Migration―Used at anytime, for routine system maintenance and management, that is not a disaster. In a migration, similar to recovery, a recent replication snapshot copy of the VM becomes the working VM. The pairing between the source and target cluster remains.
Primary cluster―Another set of terms similar to source vs target, except the primary is simply, where the working VMs currently reside. If the VMs are migrated to the secondary, the secondary becomes the primary. Typically used in context with failover.
Protected virtual machine―A VM that has replication configured, either individually or through a protection group.
Protection group―A means to apply the same replication configuration on a group of VMs.
Recovery test―A maintenance task that ensures the recovery process would be successful in the event of a disaster.
Remote cluster―The remote cluster is the other half of the replication pair with a local cluster. Typically used in context of replication.
Replication pair―Two clusters that provide a remote location for storing replication snapshots of the local VMs.
Replication snapshot―Part of the replication protection mechanism. A type of snapshot taken of the protected VM. Copied from the source cluster to the target cluster.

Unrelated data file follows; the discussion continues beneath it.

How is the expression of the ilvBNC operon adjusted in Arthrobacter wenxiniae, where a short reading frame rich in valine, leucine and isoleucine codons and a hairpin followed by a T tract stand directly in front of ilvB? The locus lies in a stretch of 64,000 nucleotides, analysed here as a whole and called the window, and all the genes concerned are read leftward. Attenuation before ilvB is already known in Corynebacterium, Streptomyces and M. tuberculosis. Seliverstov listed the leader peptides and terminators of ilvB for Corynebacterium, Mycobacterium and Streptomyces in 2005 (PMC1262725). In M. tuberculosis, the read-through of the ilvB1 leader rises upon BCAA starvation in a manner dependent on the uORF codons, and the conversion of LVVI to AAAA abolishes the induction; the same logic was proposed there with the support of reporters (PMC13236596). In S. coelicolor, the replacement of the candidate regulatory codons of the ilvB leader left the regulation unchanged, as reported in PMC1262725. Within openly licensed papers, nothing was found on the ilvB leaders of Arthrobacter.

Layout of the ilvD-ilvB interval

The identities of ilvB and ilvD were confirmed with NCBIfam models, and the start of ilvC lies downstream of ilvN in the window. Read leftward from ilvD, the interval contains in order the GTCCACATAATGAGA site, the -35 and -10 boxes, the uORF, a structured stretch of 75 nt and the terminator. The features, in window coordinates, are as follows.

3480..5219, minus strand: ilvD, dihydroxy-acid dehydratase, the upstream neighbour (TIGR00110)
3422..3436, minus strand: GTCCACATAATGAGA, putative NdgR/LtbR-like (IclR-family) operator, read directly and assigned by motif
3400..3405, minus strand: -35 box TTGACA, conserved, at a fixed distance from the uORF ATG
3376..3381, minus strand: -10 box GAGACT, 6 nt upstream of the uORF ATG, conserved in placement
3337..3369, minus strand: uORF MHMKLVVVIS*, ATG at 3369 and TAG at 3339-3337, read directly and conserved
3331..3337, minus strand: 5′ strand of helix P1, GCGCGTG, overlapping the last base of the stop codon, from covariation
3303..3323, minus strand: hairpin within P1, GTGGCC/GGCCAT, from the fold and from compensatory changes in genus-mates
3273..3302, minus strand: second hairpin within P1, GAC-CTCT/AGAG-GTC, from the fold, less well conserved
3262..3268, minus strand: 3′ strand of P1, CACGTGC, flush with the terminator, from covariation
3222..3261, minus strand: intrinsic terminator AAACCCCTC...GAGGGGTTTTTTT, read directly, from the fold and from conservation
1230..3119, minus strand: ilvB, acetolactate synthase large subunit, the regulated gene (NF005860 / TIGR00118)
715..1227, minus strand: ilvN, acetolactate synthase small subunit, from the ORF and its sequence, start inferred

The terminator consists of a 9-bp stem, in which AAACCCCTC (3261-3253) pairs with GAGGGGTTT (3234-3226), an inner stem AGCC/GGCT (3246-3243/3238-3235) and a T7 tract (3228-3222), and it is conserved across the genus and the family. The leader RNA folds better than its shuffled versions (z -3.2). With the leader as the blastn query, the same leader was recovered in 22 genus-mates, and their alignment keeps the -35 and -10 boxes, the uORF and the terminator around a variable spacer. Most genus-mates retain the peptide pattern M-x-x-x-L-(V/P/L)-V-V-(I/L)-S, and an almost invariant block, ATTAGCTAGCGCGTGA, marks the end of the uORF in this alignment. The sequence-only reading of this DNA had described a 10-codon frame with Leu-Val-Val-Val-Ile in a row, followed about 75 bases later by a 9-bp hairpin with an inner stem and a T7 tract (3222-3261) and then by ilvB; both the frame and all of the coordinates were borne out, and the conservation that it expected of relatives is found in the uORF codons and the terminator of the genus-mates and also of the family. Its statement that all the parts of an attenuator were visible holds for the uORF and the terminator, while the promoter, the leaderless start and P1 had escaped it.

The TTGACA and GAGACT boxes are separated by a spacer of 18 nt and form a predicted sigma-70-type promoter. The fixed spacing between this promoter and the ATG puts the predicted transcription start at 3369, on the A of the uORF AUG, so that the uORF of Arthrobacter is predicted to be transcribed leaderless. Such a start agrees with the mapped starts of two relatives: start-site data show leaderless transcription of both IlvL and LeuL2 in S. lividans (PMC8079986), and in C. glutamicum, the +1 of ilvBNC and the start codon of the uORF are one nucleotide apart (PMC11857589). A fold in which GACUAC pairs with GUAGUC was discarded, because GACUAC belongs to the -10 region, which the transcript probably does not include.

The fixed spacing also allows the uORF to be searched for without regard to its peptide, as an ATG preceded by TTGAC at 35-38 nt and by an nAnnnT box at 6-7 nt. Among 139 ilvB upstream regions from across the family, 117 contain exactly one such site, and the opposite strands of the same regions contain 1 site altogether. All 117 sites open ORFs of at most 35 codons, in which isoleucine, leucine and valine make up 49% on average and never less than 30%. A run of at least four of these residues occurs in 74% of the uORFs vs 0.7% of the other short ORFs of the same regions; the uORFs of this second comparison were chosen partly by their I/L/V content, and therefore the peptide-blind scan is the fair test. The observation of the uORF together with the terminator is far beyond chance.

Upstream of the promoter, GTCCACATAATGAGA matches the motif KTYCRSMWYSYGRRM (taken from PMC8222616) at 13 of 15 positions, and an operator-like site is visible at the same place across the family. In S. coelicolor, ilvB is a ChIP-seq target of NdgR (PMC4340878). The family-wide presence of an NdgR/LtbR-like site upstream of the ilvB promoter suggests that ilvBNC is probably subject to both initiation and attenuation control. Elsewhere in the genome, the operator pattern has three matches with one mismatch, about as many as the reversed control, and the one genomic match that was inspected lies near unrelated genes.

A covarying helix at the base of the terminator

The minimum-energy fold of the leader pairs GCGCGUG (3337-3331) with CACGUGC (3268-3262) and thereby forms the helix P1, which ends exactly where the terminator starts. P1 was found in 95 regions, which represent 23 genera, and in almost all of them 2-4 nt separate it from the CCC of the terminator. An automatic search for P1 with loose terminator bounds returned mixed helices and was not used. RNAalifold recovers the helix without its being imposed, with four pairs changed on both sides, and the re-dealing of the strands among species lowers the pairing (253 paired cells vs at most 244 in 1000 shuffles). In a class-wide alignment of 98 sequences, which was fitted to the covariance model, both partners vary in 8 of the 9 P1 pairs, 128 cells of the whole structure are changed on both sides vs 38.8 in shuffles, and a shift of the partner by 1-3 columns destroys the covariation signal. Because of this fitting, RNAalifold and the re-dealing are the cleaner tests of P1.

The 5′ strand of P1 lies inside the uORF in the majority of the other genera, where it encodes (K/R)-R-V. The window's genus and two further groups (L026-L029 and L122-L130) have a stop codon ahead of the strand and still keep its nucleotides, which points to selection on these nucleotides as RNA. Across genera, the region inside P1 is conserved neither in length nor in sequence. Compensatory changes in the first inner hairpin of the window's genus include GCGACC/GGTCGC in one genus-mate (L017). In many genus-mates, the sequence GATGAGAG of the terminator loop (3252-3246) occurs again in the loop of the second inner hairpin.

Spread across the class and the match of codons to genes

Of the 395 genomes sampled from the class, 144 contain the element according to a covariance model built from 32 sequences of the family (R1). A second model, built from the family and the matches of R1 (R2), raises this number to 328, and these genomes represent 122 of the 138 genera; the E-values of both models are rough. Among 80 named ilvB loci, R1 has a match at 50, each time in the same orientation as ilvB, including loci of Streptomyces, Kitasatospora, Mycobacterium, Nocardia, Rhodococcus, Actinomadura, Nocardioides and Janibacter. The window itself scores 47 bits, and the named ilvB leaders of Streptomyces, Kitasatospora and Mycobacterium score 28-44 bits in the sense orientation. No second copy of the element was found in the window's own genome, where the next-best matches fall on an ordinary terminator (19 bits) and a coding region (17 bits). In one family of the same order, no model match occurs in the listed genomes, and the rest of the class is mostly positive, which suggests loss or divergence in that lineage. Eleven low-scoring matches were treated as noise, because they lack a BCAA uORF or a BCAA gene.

Secondary cluster―Another set of terms similar to source vs target, except the primary is simply, where the working VMs currently reside. If the VMs are migrated to the secondary, the secondary becomes the primary. Typically used in context with failover.
Source cluster―The source cluster is where the VMs reside. Typically used in context with recovery.
Target cluster―The target cluster is where the VM replication snapshot copies reside. Typically used in context with recovery.
Resides on a datastore in the source cluster of a replication pair.
Has a replication schedule configured either as an individual VM or through a protection group.
Protection group―A mechanism for assigning replication schedules to a group of VMs
Interval―Part of the replication schedule configuration. This is how often the protected VMs replication snapshot is taken and copied to the target cluster.